NSBA Releases White Paper on Capital Access

September 11, 2013

pic-moneyNSBA has released a white paper making a series of recommendations to Congress about how to improve small businesses access to capital. Small-business owners face unique challenges when trying to obtain financing. Start-up and expanding small businesses frequently do not have the assets necessary to collateralize a traditional bank loan, making a unique perspective for small-business access to capital critical. The paper, “Ideas for Improving Small Businesses’ Access to Capital,” may be accessed by clicking here.

The core recommendations to Congress are:

  1. Rely more on statutory rules than SEC drafted rules.
  2. Create a statutory exemption for business brokers to the broker-dealer registration requirements consistent with the principles of the SEC Country Business no action letter dated November 8, 2006 but extended to include the sale of a controlling interest in the business rather than being limited to the sale of the entire business.
  3. Create a statutory exemption to the broker-dealer registration requirements for finders who are not “engaged in the business of effecting transactions in securities for the account of others” or of “buying and selling securities” and, as a integral component of that exemption, provide a bright-line safe harbor such that small finders are not deemed to be engaged in the business of being a securities broker or a dealer.
  4. Create a statutory definition of accredited investor that prevents the current thresholds for natural persons from being increased.  In other words, make the current accredited investor income and net worth standards statutory.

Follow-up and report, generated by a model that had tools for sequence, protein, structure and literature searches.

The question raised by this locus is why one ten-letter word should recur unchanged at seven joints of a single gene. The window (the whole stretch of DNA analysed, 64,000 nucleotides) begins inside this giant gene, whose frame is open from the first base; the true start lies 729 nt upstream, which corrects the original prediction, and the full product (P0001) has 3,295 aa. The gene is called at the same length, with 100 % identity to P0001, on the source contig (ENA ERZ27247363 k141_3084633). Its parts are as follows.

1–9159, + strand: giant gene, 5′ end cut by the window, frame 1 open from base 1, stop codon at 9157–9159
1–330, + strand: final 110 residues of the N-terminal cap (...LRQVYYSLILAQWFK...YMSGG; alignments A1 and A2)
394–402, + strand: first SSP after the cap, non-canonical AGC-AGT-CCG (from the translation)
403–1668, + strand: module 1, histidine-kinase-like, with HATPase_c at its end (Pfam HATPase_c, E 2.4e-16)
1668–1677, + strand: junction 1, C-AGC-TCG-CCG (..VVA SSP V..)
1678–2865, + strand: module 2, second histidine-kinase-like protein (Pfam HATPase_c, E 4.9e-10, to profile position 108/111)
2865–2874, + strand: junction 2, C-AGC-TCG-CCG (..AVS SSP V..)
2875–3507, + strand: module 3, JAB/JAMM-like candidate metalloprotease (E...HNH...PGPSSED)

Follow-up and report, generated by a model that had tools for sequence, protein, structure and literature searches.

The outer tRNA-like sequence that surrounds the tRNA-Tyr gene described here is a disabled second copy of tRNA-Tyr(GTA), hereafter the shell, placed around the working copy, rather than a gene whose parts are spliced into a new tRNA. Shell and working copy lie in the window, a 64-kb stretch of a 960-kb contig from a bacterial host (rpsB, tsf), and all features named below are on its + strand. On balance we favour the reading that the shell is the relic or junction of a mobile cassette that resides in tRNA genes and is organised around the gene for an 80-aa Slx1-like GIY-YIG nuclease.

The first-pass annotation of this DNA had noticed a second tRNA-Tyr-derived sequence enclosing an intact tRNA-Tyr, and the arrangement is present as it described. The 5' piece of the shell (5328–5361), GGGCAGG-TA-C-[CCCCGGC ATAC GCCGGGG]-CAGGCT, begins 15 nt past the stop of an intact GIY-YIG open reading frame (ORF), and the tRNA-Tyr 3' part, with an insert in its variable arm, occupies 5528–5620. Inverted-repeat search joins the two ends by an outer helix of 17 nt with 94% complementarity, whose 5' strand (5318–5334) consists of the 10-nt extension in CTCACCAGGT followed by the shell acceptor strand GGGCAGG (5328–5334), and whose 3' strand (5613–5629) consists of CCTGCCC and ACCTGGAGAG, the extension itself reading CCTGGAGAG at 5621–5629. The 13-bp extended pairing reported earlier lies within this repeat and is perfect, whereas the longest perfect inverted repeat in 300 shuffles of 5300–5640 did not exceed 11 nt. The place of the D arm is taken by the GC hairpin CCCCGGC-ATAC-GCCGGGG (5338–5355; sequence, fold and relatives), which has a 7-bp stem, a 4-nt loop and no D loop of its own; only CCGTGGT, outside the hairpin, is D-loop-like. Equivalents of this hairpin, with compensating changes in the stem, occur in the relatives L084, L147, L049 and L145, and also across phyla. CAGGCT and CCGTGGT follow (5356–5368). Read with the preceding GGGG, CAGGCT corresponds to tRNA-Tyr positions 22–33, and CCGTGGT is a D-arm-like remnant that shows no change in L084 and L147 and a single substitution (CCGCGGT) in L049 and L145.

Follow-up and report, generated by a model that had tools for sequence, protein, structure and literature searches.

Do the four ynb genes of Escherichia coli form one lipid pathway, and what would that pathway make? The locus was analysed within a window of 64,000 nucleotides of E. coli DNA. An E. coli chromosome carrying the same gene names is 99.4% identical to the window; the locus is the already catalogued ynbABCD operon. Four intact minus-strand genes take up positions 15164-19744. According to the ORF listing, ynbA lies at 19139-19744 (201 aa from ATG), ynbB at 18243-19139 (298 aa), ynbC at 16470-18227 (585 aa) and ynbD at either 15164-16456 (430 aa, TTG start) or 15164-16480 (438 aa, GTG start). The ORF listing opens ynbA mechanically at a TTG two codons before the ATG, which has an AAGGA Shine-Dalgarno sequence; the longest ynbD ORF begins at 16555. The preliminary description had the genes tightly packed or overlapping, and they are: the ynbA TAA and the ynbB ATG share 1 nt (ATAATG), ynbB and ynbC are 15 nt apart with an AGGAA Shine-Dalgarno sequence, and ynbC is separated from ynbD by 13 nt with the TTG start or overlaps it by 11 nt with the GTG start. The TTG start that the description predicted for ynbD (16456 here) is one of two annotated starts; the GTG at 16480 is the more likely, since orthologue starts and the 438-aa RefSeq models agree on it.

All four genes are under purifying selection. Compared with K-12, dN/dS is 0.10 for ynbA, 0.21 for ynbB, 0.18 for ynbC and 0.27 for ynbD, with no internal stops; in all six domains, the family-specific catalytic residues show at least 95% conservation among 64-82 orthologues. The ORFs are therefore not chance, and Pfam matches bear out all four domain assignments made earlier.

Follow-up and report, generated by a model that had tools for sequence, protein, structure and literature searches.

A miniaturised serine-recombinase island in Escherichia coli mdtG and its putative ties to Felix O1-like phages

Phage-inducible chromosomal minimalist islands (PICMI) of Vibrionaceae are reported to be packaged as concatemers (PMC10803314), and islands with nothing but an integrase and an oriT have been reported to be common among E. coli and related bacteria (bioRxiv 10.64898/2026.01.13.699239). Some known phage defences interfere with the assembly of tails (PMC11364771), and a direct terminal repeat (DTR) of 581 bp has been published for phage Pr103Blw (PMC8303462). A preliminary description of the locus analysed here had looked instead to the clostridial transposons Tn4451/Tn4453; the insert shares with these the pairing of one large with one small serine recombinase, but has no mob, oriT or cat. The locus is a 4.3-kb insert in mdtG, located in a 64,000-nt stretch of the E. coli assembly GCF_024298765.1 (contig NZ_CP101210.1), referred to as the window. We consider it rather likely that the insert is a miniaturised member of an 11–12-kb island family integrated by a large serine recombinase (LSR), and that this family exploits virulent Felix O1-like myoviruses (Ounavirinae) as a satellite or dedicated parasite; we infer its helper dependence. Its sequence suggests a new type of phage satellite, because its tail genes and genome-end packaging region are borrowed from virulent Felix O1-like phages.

5. Either define covered securities to include securities sold in transactions exempt under Rule 504, Rule 505 and Regulation A (in addition to Rule 506) or define qualified purchasers to include all purchasers of securities in transactions exempt under Rule 504, Rule 505 and Regulation A (in addition to Rule 506), or both.
  6. Allow persons to definitively qualify as a sophisticated investor for purposes of Rule 506 by passing an exam.
  7. Create a private placement safe harbor so that any offering (within a 12 month period): (1) to people with whom the issuer (or its officers and directors) has a substantial pre-existing relationship; (2) involving 35 or fewer other persons; or (3) of less than $500,000 is deemed not to involve a public offering for purposes of section 4(a)(2).
  8. Eliminate the internal control reporting and assessment requirements of Sarbanes-Oxley section 404(b) for companies with market capitalizations of $300 million or less.
  9. Repeal the restrictions on credit union lending to small businesses.
  10. Permit Peer-to-Peer Lending portals to provide loans to small businesses without filing a registration statement.
  11. Simplify the statutory small issue exemption (Regulation A) and permit but not require Reg. A offering statements to be placed on EDGAR.
  12. Amend the Bank Secrecy Act to make it clear that federal “Know Your Customer” do not apply to finders, business brokers or crowdfunding web portals that do not hold customer funds.
  13. Improve SEC collection of data on private placements and Regulation A offerings and ensure the data is published regularly without materially increasing the administrative burden on issuers.
  14. Have the Government Accountability Office (GAO) undertake the following potentially  helpful studies:
    • Examine whether bank regulators inappropriately treat small business loans as disproportionately risky, thereby discouraging bank lending to small firms.  Generally, bank regulators deny this but small business owners frequently report this as a reason given by bankers for not lending.
    • Determine the typical compliance costs incurred by issuers in various Regulation D filings and Regulation A filings.
    • Determine the typical compliance costs incurred by private placement issuers because of blue sky laws.
    • Determine the typical compliance costs incurred by small capitalization public companies.
    • Determine and quantify what are the primary sources of fraud in private placements and what percentage of offerings involve fraud.

Please click here to download the white paper.